An Uncertain Future: The Merging of OMA and SSO


Adeline Ong

OMA office.

The Office of Multicultural Affairs (OMA) and Student Success and Outreach (SSO) are two major organizations at Seattle University that aim to uplift students of different marginalized identities. 

OMA promotes intercultural development and provides an inclusive space for members of minority communities, particularly for students of color and queer students. SSO offers resources to a wide array of students including transfer students, commuter students, graduate students, veteran and military-connected students and first generation students. 

As of July 1, both of these organizations will be combined under a yet-to-be-determined name. This merger was catalyzed by the previous Senior Director of the Center for Student Involvement Bernie Liang before stepping away from the university. 

In Liang’s absence, Michelle Kim, the director of OMA and SSO, director for SSO.

The initial catalyst and much of this change has been about finding a reporting line and supervisory support for the Associate Director of SSO,” Kim said. “We had an opportunity to assess where and to whom SSO could report to that made more sense, in terms of supporting the department’s function and purpose.”

Deanne Liu, associate director of SSO, explained that the decision to merge was based on the similar student populations they served.

“There’s all these intersections of identities, and really, SSO is meant to be a home base for students who don’t feel like campus is quite meant for them.”

Kim echoed Liu’s sentiments, as she hopes to remedy fragmentation of identities through the merger. 

Though at times, [the separation of both organizations] can lead to students either running around trying to connect with resources in various locations or missing out on receiving the benefits of another because they never got connected. By formally joining forces, our goal is to amplify our impact on the student experience,” Kim said.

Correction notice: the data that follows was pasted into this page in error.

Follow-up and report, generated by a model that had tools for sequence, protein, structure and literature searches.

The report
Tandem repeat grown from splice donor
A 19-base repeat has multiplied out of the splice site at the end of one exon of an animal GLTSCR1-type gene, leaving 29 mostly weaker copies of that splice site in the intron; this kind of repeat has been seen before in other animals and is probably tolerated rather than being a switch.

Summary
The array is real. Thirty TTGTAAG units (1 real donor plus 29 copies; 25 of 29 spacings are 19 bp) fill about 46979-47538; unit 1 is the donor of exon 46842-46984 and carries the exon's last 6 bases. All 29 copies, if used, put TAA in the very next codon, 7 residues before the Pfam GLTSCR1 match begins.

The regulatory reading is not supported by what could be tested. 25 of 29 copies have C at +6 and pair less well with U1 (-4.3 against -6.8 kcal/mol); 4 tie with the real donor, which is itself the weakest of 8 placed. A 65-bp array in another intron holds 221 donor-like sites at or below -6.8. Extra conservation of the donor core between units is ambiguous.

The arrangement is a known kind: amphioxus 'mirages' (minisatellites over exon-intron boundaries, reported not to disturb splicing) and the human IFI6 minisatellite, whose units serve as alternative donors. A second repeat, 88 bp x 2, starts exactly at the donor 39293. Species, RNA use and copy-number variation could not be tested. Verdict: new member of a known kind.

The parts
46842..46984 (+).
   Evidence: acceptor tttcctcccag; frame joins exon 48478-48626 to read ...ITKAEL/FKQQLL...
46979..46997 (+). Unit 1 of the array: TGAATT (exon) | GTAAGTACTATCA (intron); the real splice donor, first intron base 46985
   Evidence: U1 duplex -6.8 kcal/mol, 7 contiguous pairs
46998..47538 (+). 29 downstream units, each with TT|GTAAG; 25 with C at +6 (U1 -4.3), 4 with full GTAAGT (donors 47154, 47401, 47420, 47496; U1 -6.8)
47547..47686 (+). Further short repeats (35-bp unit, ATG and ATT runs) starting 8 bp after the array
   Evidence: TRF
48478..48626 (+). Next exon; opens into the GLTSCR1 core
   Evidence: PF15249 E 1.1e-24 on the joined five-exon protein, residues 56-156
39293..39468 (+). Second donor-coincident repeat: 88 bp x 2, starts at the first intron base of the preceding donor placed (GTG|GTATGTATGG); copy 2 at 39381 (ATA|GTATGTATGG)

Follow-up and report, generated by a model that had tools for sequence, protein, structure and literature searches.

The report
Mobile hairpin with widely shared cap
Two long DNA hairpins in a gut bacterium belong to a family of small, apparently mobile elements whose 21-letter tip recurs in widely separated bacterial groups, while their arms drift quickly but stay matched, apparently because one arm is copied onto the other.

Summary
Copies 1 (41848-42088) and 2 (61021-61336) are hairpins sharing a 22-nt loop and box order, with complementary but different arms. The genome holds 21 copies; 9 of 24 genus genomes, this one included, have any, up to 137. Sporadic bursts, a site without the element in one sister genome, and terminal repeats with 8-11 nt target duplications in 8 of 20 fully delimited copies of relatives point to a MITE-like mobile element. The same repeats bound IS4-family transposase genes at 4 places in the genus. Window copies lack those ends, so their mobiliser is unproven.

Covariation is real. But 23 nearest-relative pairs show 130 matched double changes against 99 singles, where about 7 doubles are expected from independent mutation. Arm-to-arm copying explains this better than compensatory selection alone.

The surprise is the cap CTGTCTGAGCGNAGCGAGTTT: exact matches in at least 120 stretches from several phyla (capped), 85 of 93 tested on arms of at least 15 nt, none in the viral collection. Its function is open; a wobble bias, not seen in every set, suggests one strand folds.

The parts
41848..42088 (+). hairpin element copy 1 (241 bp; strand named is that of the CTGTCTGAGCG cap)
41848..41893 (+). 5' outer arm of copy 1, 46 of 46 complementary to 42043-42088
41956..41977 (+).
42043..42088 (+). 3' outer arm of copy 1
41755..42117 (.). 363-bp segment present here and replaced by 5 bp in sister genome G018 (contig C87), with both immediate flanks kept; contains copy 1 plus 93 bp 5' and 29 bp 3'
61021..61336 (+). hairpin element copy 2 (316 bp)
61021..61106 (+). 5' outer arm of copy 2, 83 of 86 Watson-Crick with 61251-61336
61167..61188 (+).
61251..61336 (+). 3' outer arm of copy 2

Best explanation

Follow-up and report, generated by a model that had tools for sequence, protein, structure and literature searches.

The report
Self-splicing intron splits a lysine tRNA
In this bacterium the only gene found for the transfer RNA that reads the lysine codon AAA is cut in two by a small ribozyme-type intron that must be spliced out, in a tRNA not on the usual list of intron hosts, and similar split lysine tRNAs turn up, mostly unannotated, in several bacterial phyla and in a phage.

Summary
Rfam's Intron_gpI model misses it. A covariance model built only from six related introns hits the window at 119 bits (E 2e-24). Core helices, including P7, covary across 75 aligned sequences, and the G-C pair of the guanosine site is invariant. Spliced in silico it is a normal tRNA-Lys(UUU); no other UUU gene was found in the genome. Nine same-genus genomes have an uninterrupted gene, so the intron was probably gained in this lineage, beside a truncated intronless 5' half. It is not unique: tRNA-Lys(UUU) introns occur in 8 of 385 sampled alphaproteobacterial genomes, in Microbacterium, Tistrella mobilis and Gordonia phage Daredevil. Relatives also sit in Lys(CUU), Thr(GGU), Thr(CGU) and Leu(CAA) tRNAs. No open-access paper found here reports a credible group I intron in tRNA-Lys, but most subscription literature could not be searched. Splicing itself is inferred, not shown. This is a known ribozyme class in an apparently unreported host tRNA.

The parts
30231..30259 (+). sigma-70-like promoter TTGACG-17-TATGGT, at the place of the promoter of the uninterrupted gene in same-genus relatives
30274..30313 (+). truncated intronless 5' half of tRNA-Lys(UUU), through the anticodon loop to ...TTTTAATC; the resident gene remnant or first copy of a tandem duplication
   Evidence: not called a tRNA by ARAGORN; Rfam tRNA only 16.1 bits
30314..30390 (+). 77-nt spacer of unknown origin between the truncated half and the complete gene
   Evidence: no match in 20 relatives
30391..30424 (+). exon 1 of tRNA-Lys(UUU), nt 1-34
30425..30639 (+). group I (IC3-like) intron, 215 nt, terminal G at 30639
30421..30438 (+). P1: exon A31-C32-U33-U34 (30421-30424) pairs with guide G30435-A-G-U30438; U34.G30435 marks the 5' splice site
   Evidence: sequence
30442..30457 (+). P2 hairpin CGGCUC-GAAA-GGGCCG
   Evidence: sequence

With the merger set to establish before the beginning of the 2023-2024 academic year, the integration process is on a short timeline. In the midst of the rapid transition, certain student-workers at both OMA and SSO have found information regarding the change to be scarce and vague.

Alex Takemoto, a second-year interdisciplinary liberal studies student, is a peer mentor with OMA’s Connections Leadership Program and has been hired by SSO for the upcoming school year. Amongst the restructuring, Takemoto feels their job description remains uncertain and ambiguous. They say their colleagues feel the same.

“We don’t know much,” Takemoto said. “There are a lot of different opinions and a lot of people don’t know what will happen.”

For some student-workers at OMA, their uncertainty has been met with fear that the restructuring may co-opt spaces designated for students of color.

“As student-workers at OMA, we’ve had a lot of questions about what this merge will look like ourselves,” two students who wished to remain anonymous wrote in a joint statement to The Spectator. “Our priority has always been supporting students of color.”

Liu is aware of these existing concerns, but emphasized her hope that the restructuring will allow for a broader range of students to find acceptance and resources.